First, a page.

Objective: Researchers compared rape victimization based on self-identification to the current, federal legal definition in a pilot study of college students. Methods: The sample was comprised of 1,648 (69.8% female; 30.2% male) college students who completed the SES-SFV online. Results: Based on the current, legal definition of rape, 9.4% (11.1% female; 5.2% male) of students had been raped since being enrolled, but only 2.9% of students self-identified as being raped. Moreover, 15.1% of students reported ever being raped, with females acknowledging higher rates (19.7%) than males (4.3%). Conclusions: Rape continues to be a major issue for colleges and universities. A serious concern is the disparity between the number of those who met the behavioral criteria for rape victimization based on the current, legal definition, but who did not self-identify as a victim. Universities must address this disparity by using multiple measures to assess the prevalence of sexual violence on campus.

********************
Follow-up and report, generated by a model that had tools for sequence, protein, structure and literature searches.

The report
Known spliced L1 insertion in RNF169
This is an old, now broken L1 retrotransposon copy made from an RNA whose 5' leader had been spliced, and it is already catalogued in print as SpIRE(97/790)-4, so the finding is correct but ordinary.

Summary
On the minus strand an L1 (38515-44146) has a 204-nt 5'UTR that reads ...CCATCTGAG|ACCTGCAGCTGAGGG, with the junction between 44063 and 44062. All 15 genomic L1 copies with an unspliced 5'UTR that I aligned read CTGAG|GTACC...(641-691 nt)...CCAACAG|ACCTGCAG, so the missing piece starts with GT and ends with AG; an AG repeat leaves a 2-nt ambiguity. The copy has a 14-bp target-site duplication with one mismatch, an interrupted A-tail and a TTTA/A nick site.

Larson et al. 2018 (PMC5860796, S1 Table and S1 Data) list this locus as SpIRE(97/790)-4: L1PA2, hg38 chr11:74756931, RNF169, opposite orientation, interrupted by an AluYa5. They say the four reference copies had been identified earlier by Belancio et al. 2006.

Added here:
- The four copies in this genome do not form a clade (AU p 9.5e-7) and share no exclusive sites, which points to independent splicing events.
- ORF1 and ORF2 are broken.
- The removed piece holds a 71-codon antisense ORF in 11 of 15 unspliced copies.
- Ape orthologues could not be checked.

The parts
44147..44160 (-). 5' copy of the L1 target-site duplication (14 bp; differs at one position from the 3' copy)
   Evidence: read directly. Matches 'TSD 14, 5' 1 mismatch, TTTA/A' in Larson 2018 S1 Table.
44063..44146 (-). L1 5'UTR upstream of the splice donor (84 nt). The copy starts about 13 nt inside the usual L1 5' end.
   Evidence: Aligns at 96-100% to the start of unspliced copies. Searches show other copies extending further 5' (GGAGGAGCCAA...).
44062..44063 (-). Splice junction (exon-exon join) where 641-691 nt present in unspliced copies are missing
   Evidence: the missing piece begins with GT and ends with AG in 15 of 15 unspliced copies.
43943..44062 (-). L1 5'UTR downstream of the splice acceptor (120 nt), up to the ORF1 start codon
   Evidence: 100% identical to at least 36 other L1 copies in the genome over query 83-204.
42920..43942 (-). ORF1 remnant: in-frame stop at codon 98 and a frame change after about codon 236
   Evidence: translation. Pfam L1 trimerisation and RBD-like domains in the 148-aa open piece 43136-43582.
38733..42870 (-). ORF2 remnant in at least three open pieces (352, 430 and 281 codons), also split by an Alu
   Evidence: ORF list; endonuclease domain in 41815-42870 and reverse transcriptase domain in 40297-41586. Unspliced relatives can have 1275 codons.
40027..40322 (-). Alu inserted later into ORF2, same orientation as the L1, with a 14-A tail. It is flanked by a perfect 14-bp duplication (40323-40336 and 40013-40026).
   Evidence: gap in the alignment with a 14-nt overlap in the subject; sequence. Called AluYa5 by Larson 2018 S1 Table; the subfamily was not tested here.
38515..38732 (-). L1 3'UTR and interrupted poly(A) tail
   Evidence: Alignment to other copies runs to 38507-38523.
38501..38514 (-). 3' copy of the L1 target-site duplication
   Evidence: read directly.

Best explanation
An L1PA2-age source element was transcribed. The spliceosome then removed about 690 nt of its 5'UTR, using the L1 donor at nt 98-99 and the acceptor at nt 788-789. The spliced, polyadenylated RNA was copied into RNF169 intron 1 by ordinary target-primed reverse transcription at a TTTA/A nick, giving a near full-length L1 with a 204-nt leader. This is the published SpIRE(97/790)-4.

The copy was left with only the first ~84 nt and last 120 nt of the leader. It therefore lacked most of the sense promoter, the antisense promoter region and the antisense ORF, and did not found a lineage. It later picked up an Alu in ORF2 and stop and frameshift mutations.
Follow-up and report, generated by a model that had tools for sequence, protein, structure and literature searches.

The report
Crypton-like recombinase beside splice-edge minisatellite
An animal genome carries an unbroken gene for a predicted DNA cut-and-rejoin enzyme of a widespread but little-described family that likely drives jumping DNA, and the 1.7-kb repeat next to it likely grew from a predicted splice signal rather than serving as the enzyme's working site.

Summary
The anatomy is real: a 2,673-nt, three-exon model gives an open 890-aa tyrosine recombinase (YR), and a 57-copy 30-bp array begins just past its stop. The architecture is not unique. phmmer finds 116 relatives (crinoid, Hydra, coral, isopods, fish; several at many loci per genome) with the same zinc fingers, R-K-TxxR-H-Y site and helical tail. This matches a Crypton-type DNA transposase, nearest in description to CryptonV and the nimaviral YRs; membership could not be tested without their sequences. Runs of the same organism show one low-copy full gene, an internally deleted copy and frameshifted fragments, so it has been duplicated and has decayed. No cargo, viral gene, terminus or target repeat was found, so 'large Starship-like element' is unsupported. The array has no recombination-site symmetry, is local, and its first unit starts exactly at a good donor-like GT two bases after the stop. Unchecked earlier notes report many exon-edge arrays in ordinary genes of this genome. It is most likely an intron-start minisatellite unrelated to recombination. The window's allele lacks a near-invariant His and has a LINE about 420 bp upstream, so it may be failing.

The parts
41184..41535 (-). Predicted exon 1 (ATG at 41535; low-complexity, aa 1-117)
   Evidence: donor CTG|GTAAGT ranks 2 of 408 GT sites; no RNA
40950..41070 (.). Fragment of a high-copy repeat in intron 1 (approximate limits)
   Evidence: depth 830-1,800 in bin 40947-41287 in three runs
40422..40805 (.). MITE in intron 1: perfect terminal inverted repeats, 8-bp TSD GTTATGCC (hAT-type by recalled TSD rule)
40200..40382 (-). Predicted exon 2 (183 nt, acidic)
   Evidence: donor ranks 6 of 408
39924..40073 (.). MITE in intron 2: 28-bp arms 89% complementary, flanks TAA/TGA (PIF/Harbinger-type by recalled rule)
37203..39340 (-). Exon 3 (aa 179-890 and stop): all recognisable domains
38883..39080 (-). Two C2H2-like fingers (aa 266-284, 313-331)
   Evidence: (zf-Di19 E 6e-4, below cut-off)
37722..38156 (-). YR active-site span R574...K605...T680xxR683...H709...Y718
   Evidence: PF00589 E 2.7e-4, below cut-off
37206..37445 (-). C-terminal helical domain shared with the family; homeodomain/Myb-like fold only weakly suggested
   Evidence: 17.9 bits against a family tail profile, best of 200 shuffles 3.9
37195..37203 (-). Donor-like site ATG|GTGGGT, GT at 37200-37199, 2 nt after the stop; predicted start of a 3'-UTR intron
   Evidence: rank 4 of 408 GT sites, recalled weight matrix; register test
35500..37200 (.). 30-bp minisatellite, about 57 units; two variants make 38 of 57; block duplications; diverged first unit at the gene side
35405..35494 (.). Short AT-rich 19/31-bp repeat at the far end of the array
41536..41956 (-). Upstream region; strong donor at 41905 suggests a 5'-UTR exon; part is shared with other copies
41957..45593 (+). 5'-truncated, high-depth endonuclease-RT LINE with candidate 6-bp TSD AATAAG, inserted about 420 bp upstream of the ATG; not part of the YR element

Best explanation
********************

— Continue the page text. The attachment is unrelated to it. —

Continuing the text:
Journal of American College Health
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